1) Laying a 5" square grid onto my painted board and carrying on with plans to cut some spare 1" boards into vertical sided contours based around a 5"grid. 
Like this, sort of, but finished to match the table, and with rounded hill corners.  

This will give me a grid of 168 squares (12 x 14) which can be easily ignored if not using the grid. This size will hold my 54mm units, 4 stands of 40mm 16thC or 25mm ancient troops, or a 3 stand regiment of 1/72nd ACW troops in line ( or a 9 stand Brigade if massed into a massed attack column).

2) Each grid square will be marked into quarters to allow a grid of  672 squares for RCW & WWII games with 1 stand per square or for 40mm skirmish games. This will be done with a smaller cross of a different colour.

3) When funds are available, a Hotz mat with 4" hexes will be purchased. Initially the cloth could be laid over hills but eventually as funds allow, Hexon hills could be added. There will be a contrast between hills and mat but it is workable.
Lentulus's set up with Hexon hills on an ungridded Hotz mat. 

Eventually a full Hexon terrain system could be added and used for plain or hex games and a squared cloth be placed over top if a square grid was desired.


B. Buy a Litko spray stencil and lay a 4" hex grid on my table and make my own hills and river etc using the stencil as a guide. I would still have the option of adding Hexon terrain. 

Now to mull over that and ponder the question of ancient warfare again. I don't anticipate much action until after Historicon unless I have a really good run on ebay.  We'll see how the War-chest survives that expedition. 


  1. Ross Mac,

    A very interesting blog entry. In fact, there are some bits of it that I could almost have written myself, being in agreement with much of what you have stated.

    All the best,


  2. It seems Ross, old chum, that you're on the horns of a dilemma. I sympathise, having been on the very same horns. I would hesitate to advise.

    I couldn't agree more about simple rules though. As my pal General Gorman put it once, "any game I can't play while plastered is too complex!"

  3. A dilemma? No, no my friend, choosing basing options is a dilemma, this is merely a choice of opportunities!

  4. Cracking post - the start should be made recommended reading for all newcomers to the hobby, not to mention rather older dogs such as me. I was interested that the Napoleonique rules, which originally seem to be have been closely tied in with the Der Kriegspieler operation, use small hexes merely as a way of making distance visible and simplifying movement - units do not fit in the hexes, so you can, for example, fire on the near end of a line. This is sort of visible in a picture from the DK catalogue on the Old Metal Detector blog at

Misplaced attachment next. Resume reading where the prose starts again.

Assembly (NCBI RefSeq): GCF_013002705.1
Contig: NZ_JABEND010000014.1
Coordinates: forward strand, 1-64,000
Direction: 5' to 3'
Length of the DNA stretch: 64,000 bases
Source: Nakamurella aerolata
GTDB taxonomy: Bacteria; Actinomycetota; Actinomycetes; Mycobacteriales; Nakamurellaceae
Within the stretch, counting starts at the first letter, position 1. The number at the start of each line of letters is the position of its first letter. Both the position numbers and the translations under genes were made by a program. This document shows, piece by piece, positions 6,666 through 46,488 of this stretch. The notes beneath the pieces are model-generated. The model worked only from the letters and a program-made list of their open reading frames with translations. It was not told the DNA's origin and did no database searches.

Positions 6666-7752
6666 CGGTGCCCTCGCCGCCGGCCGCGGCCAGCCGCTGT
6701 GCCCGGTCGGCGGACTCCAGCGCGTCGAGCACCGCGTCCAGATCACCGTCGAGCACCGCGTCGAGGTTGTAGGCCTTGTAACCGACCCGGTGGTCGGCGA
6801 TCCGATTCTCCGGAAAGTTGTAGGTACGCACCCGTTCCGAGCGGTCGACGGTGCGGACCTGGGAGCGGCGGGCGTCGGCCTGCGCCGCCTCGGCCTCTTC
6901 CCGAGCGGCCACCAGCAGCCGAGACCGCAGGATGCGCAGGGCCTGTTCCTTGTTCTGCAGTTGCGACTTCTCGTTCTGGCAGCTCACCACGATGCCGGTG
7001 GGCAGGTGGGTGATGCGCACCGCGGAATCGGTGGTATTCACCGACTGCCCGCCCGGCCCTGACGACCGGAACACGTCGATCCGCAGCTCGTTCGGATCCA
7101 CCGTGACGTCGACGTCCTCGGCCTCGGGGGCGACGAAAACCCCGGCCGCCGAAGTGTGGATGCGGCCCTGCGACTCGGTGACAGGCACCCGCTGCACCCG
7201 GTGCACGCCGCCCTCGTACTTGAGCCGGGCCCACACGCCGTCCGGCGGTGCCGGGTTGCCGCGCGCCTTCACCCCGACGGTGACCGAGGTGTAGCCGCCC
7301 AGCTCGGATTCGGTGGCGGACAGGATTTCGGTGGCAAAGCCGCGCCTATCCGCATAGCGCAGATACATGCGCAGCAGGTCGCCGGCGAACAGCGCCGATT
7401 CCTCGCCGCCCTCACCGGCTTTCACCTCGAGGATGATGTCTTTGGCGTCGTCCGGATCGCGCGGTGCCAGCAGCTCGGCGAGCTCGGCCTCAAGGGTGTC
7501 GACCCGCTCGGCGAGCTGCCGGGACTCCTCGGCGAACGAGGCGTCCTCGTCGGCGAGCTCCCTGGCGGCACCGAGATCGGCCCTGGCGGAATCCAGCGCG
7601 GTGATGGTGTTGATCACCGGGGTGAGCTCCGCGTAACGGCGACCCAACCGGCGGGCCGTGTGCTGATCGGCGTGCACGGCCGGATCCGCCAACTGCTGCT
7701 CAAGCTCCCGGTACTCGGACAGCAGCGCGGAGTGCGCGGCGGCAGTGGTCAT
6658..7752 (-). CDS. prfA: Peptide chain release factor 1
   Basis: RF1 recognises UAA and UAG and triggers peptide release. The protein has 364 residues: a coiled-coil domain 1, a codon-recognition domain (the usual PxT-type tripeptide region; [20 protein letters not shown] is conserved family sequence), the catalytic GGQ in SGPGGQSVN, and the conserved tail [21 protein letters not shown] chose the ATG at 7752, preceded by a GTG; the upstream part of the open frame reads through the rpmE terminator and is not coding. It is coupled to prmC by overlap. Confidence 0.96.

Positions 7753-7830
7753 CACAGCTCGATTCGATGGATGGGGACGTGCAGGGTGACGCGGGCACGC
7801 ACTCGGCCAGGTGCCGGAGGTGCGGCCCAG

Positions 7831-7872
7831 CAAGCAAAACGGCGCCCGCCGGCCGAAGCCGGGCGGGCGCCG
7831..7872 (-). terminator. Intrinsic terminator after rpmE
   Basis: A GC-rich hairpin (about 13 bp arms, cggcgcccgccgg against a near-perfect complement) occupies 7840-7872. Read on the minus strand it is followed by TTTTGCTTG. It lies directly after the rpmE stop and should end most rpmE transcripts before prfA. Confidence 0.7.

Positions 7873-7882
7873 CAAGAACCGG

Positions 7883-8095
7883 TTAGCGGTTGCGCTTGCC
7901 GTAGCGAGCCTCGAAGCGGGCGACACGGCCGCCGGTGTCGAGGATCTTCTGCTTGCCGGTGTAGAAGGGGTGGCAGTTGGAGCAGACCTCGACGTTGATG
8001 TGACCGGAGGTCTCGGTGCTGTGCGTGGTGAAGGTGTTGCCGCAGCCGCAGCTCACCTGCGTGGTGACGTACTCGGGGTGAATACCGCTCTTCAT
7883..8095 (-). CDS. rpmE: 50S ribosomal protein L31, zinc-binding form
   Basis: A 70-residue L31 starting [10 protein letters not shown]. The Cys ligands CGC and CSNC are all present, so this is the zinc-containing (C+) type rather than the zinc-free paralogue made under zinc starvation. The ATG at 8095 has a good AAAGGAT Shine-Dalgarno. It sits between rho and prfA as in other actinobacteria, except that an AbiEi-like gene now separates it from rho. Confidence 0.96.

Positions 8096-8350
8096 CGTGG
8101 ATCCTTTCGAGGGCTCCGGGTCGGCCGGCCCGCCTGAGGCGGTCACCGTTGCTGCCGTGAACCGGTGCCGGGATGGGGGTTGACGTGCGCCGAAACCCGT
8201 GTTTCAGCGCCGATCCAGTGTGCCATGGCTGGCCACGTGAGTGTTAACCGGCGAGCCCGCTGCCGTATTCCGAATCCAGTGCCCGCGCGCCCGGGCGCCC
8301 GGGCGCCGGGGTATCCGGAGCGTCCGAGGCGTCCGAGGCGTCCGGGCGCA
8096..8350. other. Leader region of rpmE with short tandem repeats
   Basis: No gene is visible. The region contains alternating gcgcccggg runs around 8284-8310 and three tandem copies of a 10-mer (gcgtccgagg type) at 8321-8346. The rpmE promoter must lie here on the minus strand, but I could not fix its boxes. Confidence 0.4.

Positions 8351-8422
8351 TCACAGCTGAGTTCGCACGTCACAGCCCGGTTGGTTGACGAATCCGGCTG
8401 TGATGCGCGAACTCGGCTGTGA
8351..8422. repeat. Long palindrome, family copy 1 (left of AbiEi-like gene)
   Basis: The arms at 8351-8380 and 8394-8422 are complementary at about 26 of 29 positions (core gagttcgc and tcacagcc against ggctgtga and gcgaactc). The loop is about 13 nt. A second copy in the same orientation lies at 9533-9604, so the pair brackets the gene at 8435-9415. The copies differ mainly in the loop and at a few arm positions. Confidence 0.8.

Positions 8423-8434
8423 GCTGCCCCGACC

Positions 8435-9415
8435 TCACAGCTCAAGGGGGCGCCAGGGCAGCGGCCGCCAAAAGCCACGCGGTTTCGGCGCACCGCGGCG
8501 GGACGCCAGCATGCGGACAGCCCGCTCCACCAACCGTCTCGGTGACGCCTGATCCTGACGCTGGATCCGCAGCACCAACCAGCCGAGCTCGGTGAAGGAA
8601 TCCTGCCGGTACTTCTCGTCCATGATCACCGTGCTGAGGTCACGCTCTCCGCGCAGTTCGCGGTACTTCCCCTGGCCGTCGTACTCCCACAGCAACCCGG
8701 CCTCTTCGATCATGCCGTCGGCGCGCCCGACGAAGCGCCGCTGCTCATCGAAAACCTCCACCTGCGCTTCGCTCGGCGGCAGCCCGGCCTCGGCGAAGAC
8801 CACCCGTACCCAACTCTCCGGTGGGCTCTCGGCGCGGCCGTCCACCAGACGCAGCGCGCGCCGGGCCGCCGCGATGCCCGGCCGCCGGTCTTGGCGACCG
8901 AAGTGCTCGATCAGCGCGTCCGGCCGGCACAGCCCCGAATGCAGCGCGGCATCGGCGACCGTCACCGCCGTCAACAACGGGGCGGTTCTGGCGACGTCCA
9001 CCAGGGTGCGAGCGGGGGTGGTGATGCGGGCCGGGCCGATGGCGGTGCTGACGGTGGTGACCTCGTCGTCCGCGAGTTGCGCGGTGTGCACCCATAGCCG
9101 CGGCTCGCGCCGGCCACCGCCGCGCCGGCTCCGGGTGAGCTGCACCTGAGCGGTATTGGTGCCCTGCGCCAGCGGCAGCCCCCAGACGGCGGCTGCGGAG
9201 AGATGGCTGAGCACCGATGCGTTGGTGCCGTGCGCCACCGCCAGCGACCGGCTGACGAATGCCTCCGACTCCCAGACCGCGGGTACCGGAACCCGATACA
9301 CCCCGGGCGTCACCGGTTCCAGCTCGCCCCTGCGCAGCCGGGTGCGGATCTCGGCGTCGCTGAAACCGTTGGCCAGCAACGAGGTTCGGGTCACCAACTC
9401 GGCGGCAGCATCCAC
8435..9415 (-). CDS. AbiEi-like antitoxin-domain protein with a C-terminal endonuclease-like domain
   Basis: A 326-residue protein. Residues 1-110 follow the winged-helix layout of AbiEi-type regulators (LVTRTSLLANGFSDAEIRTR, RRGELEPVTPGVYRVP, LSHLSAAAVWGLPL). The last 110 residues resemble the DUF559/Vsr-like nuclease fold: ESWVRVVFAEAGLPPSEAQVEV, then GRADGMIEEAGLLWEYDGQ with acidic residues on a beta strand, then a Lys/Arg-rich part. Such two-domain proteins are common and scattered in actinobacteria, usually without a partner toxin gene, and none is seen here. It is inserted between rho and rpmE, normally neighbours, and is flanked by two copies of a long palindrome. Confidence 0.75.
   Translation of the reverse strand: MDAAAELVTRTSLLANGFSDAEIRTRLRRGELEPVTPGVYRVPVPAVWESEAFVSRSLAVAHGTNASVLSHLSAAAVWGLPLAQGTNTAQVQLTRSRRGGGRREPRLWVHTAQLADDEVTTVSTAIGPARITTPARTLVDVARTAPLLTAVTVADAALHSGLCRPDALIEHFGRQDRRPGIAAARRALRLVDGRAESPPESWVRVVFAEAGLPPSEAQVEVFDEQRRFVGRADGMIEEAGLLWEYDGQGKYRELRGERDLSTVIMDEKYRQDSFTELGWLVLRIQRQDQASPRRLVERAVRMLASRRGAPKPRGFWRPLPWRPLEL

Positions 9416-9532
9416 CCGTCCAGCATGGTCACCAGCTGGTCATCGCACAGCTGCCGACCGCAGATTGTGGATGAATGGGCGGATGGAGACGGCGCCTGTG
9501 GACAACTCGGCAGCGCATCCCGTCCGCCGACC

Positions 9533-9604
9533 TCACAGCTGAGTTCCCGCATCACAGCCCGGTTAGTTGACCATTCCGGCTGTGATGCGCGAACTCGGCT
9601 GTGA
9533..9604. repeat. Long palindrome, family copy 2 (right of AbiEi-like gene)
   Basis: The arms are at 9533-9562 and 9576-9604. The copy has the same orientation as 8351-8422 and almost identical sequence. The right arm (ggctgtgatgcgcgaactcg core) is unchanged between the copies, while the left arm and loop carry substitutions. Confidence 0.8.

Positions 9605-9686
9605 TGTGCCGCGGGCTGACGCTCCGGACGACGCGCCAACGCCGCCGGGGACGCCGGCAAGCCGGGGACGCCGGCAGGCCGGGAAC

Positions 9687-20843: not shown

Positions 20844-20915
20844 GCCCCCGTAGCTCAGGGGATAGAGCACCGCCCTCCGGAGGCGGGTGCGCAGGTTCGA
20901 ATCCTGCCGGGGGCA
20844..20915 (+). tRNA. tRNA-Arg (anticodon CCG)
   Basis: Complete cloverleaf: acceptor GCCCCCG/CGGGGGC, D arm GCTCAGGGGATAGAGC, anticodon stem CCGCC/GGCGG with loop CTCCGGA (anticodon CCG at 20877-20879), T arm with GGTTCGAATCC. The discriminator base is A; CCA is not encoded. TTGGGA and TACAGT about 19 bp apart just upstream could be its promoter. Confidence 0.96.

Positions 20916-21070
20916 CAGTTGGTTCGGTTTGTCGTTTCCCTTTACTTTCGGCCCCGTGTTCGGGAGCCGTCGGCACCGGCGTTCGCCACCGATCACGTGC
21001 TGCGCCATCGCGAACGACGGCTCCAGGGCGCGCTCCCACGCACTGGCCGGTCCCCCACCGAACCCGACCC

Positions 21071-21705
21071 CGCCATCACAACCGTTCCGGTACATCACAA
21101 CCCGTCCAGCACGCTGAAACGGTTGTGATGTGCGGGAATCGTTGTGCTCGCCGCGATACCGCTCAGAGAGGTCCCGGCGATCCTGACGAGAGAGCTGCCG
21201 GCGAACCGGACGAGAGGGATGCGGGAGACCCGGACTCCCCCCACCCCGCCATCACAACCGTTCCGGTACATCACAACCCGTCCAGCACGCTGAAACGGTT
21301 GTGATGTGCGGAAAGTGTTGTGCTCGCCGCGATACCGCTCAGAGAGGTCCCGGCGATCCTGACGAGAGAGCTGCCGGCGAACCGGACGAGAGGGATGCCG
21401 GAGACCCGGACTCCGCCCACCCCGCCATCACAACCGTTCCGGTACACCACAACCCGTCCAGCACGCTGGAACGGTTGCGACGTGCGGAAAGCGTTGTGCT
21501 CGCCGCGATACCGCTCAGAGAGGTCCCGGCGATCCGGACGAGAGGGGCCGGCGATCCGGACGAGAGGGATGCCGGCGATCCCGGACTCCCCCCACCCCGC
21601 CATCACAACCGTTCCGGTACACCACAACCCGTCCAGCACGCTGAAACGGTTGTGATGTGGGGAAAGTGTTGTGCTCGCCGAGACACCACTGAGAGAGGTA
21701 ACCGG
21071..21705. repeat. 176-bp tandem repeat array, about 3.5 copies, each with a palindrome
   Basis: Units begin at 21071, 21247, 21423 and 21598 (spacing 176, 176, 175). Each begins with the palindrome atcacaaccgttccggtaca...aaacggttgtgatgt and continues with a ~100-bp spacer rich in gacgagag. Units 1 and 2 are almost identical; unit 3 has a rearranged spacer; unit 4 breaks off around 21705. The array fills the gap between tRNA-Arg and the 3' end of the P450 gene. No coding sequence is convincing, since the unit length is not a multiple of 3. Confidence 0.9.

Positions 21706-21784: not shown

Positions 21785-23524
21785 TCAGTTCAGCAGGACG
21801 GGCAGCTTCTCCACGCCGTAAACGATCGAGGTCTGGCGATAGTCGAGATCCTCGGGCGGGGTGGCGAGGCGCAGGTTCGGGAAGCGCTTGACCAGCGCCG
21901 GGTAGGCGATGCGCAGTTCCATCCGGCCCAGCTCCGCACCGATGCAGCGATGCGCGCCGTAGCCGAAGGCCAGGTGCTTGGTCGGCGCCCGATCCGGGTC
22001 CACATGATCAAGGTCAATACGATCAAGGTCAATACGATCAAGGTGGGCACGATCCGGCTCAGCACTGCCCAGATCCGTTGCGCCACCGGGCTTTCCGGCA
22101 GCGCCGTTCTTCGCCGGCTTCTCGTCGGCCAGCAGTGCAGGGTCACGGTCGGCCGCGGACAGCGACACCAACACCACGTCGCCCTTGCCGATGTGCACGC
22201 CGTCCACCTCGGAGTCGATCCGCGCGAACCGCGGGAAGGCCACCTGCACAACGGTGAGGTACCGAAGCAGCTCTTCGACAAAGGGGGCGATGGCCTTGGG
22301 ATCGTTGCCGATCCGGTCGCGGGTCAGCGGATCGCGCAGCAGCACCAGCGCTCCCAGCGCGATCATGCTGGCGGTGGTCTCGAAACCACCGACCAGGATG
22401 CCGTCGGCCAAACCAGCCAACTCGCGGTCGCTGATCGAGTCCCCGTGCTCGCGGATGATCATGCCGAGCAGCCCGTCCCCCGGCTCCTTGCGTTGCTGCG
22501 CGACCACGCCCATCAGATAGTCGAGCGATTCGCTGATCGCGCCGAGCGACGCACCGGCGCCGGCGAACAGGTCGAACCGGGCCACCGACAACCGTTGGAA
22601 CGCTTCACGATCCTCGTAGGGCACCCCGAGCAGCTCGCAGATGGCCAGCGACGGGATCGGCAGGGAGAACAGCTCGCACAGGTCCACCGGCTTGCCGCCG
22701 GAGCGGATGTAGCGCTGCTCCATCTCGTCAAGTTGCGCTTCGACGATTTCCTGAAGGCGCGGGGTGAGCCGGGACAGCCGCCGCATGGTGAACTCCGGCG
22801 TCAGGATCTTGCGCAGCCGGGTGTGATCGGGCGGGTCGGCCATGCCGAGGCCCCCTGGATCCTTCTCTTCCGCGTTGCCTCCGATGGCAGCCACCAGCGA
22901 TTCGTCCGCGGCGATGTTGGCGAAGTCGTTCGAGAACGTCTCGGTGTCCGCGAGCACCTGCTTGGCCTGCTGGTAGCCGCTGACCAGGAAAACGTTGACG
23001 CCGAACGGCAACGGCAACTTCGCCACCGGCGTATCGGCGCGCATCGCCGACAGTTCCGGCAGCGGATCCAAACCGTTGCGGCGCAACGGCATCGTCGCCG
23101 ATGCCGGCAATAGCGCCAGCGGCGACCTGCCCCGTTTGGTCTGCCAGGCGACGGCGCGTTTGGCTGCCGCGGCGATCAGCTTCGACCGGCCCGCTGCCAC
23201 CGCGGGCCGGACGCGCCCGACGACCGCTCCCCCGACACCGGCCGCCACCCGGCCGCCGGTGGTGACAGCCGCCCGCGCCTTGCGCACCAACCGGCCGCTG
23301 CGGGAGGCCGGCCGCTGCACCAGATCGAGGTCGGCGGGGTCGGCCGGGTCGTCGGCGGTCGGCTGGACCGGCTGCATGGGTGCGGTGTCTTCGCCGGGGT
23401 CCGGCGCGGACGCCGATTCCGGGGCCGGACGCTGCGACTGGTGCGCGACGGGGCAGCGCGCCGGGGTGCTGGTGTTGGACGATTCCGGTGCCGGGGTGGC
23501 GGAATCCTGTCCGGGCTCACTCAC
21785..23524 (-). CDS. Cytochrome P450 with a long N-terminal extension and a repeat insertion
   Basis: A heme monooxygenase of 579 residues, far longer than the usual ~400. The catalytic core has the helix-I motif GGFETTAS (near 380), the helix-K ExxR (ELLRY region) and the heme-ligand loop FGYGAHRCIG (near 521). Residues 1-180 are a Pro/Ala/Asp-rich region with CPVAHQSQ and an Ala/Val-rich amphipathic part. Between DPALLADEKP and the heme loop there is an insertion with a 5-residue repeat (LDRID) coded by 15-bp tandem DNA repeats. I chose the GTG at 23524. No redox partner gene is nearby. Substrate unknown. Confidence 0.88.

This doesn't really add anything to your discussion, but it breaks away from what, for me, had become an automatic assumption that any cells on the tabletop should be able to contain a unit. It is so automatic for me now that in a recent action I split an extra-large cavalry unit into two parts which could each sit in one of my 7" hexes (why, oh why, did I do 7" hexes? - I am doomed to cut my own hills for ever....)

    As a general point, to extend the tangential break-out, I was going to do a little dipping into odd bits of old rule sets on my own blog, so maybe some scans from Napoleonique and the later Napoleonique Encore (which - now I check it - doesn't show hexes!) might be a nice starting place. Napoleonique deserves special mention anyway for the unspeakably awful dice "combo" rolling system, but that's another story.


  5. Tony, Thanks for reminding me of those Napoleonique hexes, I never owned or played the rules but remember seeing them in a Heritage USA catalogue and being intrigued. (and for reminding me that hexes don't have to be used "all or nothing".

  6. In my gaming group, we've adopted 4" hexes for many of our in-house-developed games. 4" is not by accident the size of Kallistra hexes; I've acquired quite a lot of Kallistra terrain over the past 5 years.

    Anyway, some good rules of thumbs we've discovered:

    - 1 unit = 1 hex; and 1 hex = 1 unit. This works well for unit-sized games. 4" hexes provide the right looking footprint in many scales to 'full up' the hex with enough figures such that the visual appeal is ok.
    - Facing: allow for 12 facing directions. THis requires some additional rules for definig front/side/rear and firing arcs; but provides additional flexibility. We've also experimented with free facing, but that didn't work that well.
    - We've also used hexes for skirmish games (e.g. Wild West gunfights), and keep in mind that hexes can be used for measuring distances and movement, but for determining line-of-sight, facing. cover, etc. you can still use the individual placement of a figure inside the hex. This works well in skirmish games with 1-1 representational figure scale, where you have a lot of terrain features that are visually of sub-hex size.
    - With gentlemen players your terrain features do not have to match hexes exactly. If a hill scenic piece sort of covers a hex, then that hex is a hill, and the hill doesn't spill over in adjacent hexes.

    As for the simplicity of rules: yes - I think it is more difficult to write a good simple set of rules that captures the essentials of a period, rather than a complex beast that allows for every contingency. As for my own rules: if the whole ruleset doesn't match 2 A4s, it has not been made simple enough.

  7. Phil, thanks for the extensive comments and sharing of experience. I think the 1 unit = 1 hex idea probably gets the most out of the hexes and that's what we're going with for 18thC but our existing 60mm wide ancients bases are an issue. Maybe eventually we'll rebase to something non-standard that fits the hexes better but for now I'm experimenting with multi-hex units.

    We did try the 12 direction facing last week and liked it.

    Having agreeable players makes everything better doesn't it?